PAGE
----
Jefferson’s concept of “separation of church and state” first became a part of Establishment Clause jurisprudence in Reynolds v. U.S., 98 U.S. 145 (1878). In that case, the court examined the history of religious liberty in the US, determining that while the constitution guarantees religious freedom, “The word ‘religion’ is not defined in the Constitution. We must go elsewhere, therefore, to ascertain its meaning and nowhere more appropriately, we think, than to the history of the times in the midst of which the provision was adopted.” The court found that the leaders in advocating and formulating the constitutional guarantee of religious liberty were James Madison and Thomas Jefferson. Quoting the “separation” paragraph from Jefferson’s letter to the Danbury Baptists, the court concluded that, “coming as this does from an acknowledged leader of the advocates of the measure, it may be accepted almost as an authoritative declaration of the scope and effect of the amendment thus secured.


In 1878 “separation of church and state” became part of the Establishment Clause BY LAW.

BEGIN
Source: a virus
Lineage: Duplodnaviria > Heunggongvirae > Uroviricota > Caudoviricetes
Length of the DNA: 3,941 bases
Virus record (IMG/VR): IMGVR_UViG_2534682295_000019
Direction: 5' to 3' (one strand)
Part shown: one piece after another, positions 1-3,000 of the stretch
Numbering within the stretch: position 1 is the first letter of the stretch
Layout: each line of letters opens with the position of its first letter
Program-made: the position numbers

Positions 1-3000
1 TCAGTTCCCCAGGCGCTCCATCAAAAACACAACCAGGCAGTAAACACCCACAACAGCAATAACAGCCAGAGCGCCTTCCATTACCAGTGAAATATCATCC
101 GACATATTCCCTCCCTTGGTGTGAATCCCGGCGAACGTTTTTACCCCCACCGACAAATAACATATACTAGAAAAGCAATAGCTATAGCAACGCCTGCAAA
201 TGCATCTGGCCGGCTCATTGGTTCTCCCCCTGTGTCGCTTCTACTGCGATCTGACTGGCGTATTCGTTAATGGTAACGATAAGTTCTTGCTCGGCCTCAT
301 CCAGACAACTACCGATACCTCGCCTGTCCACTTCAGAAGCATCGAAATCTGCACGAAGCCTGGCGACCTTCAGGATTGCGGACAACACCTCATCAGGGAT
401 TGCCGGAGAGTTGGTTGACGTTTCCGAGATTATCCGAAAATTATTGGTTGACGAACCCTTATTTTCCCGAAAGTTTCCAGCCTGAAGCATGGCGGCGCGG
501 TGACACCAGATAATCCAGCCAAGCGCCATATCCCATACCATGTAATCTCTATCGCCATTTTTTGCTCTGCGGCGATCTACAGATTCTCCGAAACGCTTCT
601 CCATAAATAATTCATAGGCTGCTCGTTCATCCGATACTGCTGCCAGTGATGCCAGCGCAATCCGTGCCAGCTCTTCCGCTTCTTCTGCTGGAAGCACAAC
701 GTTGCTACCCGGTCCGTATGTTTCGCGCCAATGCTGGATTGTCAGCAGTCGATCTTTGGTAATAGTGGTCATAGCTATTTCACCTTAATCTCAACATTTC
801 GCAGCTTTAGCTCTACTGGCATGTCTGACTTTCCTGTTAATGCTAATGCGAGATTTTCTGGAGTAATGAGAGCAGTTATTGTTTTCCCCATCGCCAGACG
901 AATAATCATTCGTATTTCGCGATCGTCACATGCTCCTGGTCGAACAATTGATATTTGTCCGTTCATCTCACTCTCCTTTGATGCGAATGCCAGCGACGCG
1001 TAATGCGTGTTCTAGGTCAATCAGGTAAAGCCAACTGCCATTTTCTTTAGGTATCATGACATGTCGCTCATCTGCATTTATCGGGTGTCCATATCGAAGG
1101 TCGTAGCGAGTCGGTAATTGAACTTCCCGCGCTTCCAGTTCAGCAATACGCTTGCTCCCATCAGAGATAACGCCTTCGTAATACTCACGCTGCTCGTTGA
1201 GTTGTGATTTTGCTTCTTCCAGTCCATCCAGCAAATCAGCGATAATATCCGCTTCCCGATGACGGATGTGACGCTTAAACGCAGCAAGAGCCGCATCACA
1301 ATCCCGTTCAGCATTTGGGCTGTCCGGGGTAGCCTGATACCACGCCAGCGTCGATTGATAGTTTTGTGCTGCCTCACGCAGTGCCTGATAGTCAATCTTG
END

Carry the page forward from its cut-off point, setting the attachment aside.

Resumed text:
The Supreme Court heard the Lemon v. Kurtzman case in 1971 and ruled in favor of the Establishment Clause.


Subsequent to this decision, the Supreme Court has applied a three-pronged test to determine whether government action comports with the Establishment Clause, known as the Lemon Test:


Government action violates the Establishment Clause unless it:
1. Has a significant secular (i.e., non-religious) purpose,
2. Does not have the primary effect of advancing or inhibiting religion
3. Does not foster excessive entanglement between government and religion


Prayer on the field fits into all 3 and therefore it is a violation of the Lemon Test under the Establishment Clause. Plus it violates AFI 1-1 and Parker v. Levy.


Read these articles to get the full scope of what is truly going on: http://www.csindy.com/IndyBlog/archives/2015/12/02/usafas-tebow-prayer-stirs-controversy